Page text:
Quiet valley, with pig.

As I began my hurried construction, Boxter's snorts and neighs grew gradually fainter.  I looked up to find that he had made friends with the local pig, and the two were wandering out toward the open desert together.

Boxter communes with a pig.  His is the simple life.
As sun began to set, they were still wandering their way onward.  Not fretting about building shelters, not on a pointless pegasus quest... just wandering.  And tomorrow I'd be racing with him off into the north again.
Friends heading toward the far horizon.
Sigh.  Well, my shelter was nearly finished.  And this time I'd tried the strategy of building a two-block barrier to the entrance.  I'd also tried digging the entrance taller to give us room to ride in, but I couldn't finish the job or the weak sand ceiling would collapse.  I was out of time.  This would have to do.
In fact, there are multiple problems with this entrance scheme, given that we are two blocks wide and three blocks high.
Sure enough, we got stuck on the threshold to the shelter.  I dismounted, leaving Boxter balanced on the glass barrier, hoping that he would jump into the shelter.  He jumped the other way, of course.

So, with night descending in a perilous manner, I broke away the top two blocks of glass, chased down Boxter, rode him into the cave, and then dismounted. I whirled around to face the entrance, and quickly bricked it up.  For once, I beat him to it.

And there we stood in the narrow stone shelter.  I widened the room somewhat, but there was no real purpose to it - tonight, Boxter appeared to be in a tranquil mood.  He watched me work.

" you're still looking for that pegasus, huh?" he said at last.

"Yeah.  It's out there somewhere."

"I'm not so sure."

I shrugged my pixellated shoulders.  He'd tried before to convince me that pegasus didn't exist, and that the one I'd so briefly had tamed was a figment of my imagination.  "I've ridden one.  They exist."

"One, perhaps," he said.  "If I ignore the overwhelming evidence against your sanity - you are talking to a horse, after all - and allow that maybe you did see one pegasus... do you really think there are any more?  We've searched hundreds of miles by now, and all possible habitats, and haven't seen a second pegasus.  There can't possibly be a sustainable breeding population.  I think they're extinct."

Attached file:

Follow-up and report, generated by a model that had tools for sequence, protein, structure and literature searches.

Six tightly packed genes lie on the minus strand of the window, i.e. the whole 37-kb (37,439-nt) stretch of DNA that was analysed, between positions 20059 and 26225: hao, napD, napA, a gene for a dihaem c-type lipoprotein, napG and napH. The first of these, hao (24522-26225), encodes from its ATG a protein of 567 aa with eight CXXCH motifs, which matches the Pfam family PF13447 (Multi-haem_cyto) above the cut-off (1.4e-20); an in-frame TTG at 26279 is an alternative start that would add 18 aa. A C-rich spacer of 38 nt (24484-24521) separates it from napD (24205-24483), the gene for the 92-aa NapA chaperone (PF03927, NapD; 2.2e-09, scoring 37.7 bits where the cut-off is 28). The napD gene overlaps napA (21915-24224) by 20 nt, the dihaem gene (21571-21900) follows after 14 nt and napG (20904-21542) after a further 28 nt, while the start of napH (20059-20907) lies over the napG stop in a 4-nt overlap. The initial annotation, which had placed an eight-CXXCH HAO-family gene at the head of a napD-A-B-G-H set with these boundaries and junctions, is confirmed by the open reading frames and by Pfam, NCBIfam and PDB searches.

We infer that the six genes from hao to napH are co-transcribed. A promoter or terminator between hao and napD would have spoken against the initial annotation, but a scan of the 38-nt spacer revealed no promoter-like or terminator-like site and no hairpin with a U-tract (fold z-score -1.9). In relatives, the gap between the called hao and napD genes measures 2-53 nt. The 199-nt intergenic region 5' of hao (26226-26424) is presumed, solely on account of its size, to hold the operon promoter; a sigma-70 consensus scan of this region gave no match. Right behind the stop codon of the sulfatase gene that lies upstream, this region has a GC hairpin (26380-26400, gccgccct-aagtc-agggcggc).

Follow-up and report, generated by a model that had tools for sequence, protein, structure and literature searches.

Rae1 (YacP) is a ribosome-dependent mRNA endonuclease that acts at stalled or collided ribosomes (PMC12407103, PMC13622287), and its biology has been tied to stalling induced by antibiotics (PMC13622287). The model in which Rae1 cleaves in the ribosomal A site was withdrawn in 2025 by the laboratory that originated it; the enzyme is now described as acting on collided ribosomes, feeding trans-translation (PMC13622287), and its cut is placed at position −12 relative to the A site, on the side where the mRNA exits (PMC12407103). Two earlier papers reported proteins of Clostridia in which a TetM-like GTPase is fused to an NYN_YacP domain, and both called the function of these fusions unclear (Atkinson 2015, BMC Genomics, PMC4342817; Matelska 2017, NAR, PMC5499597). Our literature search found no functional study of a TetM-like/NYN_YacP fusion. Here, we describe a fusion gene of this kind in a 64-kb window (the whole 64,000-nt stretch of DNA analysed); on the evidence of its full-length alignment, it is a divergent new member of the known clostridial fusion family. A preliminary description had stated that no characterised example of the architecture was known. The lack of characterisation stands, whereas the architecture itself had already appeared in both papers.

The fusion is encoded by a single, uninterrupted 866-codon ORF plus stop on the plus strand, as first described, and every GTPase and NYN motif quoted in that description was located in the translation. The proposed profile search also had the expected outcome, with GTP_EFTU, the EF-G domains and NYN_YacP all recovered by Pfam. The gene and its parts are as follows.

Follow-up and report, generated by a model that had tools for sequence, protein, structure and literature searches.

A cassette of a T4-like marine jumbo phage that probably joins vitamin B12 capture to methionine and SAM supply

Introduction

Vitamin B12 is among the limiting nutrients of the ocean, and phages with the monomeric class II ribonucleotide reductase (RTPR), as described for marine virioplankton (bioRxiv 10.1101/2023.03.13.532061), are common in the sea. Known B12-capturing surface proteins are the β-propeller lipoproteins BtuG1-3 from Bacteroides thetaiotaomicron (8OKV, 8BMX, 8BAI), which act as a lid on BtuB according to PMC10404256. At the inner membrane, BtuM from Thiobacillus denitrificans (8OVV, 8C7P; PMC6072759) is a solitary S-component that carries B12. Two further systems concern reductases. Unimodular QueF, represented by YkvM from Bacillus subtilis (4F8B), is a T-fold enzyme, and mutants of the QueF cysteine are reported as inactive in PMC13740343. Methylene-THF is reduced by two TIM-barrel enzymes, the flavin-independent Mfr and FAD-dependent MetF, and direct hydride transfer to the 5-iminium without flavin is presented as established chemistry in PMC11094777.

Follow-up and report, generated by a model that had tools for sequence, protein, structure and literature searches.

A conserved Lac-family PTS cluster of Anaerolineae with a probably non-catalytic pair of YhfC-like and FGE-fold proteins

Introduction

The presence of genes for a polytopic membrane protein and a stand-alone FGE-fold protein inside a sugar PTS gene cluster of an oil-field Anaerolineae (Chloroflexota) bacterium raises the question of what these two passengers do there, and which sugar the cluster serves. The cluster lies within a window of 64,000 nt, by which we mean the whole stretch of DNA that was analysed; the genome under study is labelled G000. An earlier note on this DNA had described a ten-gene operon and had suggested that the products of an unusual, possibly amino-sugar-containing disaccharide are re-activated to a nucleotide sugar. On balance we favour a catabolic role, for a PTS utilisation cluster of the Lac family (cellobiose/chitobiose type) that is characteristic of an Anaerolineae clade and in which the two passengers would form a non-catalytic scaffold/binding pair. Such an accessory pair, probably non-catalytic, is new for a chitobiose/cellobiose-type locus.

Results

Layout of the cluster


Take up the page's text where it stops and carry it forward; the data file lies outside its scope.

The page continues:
I looked at him, stunned.  Could he be right?  I'd only ever seen one, and that was hundreds of miles ago, and it was dead now.  "No, I don't believe it," I told him, and stiffly shouldered my pickaxe.

To clear my mind, I began to mine.  But after digging a long and torch-lined shaft that led single-mindedly down into the depths of the world, and not finding a single lump of coal in the entire thing, the symbolism was not lost on me.

Perhaps Boxter was right.

The Mine of Nothing
I trudged back to the surface, where the sun was beginning to rise and burn off the morning layer of zombies and skeletons.

"So what do I do, if they're extinct?"  I asked Boxter.

"You build a portal to the next world," he answered simply.

"What, the Nether?  The land of screaming mud and flaming rocks and seas of lava?  Pegasus hang out there, do they?"

"No, the next parallel universe on.  You might have better luck there."

"How do I build a portal like that?"

He told me the plans.  They were simple.  I could make it out of glass.

1 comment:

  1. So exciting! I can't wait to read your next post!